UK: Behind the release of former soldier and war criminal Alexander Blackman
4 May 2017
Former soldier Alexander Blackman, jailed in 2013 for the murder of an injured Afghan Taliban prisoner of war, emerged from prison last Friday having served just three and a half years of an original 10-year sentence.
A seasoned soldier in the Royal Marines—he had performed six tours of duty in Iraq and Afghanistan—Blackman admitted to breaking the Geneva Conventions and was filmed by another soldier as he committed the crime.
Nevertheless, in March, five senior judges at London’s Court Martial Appeal Court downgraded the original finding from murder to manslaughter, accepting a plea of diminished responsibility.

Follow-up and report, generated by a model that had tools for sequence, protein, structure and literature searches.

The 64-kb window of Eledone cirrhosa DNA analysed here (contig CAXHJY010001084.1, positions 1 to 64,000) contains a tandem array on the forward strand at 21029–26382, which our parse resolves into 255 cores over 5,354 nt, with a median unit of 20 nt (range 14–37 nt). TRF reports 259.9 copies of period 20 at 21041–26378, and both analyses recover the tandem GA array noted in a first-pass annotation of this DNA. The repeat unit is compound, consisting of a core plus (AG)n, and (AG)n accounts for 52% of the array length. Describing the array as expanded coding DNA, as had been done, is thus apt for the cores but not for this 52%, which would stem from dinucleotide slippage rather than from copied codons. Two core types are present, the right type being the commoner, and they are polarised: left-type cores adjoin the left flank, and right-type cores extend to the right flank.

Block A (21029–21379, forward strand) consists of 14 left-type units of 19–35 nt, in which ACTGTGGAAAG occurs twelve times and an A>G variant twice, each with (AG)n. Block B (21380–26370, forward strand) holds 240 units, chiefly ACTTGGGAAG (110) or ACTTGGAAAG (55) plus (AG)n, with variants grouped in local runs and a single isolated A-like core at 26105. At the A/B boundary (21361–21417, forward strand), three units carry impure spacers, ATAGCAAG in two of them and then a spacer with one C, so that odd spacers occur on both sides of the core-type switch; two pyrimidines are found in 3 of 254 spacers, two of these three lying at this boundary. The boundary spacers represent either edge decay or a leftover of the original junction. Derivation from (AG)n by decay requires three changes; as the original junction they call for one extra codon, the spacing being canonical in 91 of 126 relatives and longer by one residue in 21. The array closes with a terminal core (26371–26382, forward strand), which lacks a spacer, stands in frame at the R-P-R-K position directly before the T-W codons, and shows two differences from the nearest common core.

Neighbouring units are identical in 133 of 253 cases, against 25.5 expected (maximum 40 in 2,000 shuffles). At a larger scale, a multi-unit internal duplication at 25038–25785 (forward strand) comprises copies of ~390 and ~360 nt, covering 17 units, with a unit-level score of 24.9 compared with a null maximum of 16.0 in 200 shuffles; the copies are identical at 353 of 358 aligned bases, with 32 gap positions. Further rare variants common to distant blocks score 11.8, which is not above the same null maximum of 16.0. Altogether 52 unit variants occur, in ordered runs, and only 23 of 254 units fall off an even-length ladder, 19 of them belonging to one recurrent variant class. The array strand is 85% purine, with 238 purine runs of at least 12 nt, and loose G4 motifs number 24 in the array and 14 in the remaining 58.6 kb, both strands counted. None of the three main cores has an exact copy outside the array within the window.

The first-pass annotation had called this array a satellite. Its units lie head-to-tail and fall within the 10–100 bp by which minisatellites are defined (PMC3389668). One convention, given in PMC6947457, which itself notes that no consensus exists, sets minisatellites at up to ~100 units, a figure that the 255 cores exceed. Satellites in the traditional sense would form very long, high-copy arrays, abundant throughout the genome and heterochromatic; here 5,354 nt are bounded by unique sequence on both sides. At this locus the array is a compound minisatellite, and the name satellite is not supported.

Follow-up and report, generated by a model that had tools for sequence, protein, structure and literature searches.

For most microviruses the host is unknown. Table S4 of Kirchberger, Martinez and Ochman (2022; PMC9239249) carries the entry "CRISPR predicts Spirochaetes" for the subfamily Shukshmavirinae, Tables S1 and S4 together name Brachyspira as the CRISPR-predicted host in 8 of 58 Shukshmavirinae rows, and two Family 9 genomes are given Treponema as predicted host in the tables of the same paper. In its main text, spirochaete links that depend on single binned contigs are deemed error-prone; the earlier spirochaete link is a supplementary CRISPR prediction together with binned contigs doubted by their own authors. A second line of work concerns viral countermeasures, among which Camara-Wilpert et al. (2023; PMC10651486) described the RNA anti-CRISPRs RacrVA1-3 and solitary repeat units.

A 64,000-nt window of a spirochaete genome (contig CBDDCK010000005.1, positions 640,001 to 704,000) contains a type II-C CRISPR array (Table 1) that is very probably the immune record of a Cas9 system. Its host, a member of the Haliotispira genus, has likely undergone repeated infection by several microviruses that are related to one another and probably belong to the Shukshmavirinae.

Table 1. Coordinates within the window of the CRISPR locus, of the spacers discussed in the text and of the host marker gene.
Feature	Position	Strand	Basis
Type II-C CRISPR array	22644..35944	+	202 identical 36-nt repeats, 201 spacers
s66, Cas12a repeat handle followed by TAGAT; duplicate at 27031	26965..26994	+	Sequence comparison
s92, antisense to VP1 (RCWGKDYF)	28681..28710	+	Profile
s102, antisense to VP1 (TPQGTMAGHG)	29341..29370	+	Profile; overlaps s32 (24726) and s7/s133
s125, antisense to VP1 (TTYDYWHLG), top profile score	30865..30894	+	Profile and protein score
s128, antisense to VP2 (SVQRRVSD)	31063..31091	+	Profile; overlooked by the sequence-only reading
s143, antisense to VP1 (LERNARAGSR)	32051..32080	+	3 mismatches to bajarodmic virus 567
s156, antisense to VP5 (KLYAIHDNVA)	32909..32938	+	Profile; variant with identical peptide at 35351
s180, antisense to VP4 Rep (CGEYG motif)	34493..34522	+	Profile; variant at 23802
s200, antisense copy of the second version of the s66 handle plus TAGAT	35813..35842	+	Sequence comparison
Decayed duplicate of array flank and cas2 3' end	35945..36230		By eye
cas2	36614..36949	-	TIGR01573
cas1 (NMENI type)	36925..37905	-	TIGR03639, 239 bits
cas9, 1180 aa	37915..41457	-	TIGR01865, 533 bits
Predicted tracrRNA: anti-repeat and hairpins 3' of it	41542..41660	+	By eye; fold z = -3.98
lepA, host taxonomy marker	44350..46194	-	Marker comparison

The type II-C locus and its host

The entire media—led by its most right-wing sections—have dealt with the case on the supposed basis of Blackman’s mindset and mental health. His war crime, for which he should have served the full prison term, was ultimately the product of much bigger war crimes: the illegal invasion and wars against Afghanistan and Iraq, whose main perpetrators, former US President George W. Bush and former UK prime minister Tony Blair, have never been called to account. These wars resulted in over a million deaths, and brought about an unprecedented refugee crisis.
The killing, which took place in 2011, was captured on the helmet video camera of one of Blackman’s regiment, and was discovered by chance a year later by military intelligence. Blackman was involved in an operation searching for the Taliban fighter, who had been shot by an Apache helicopter.
The victim is seen being mocked and verbally abused, then as the Apache moved on and had no visuals of the ground, he was shot in the chest by Blackman at close range as he lay convulsing.
The video evidence…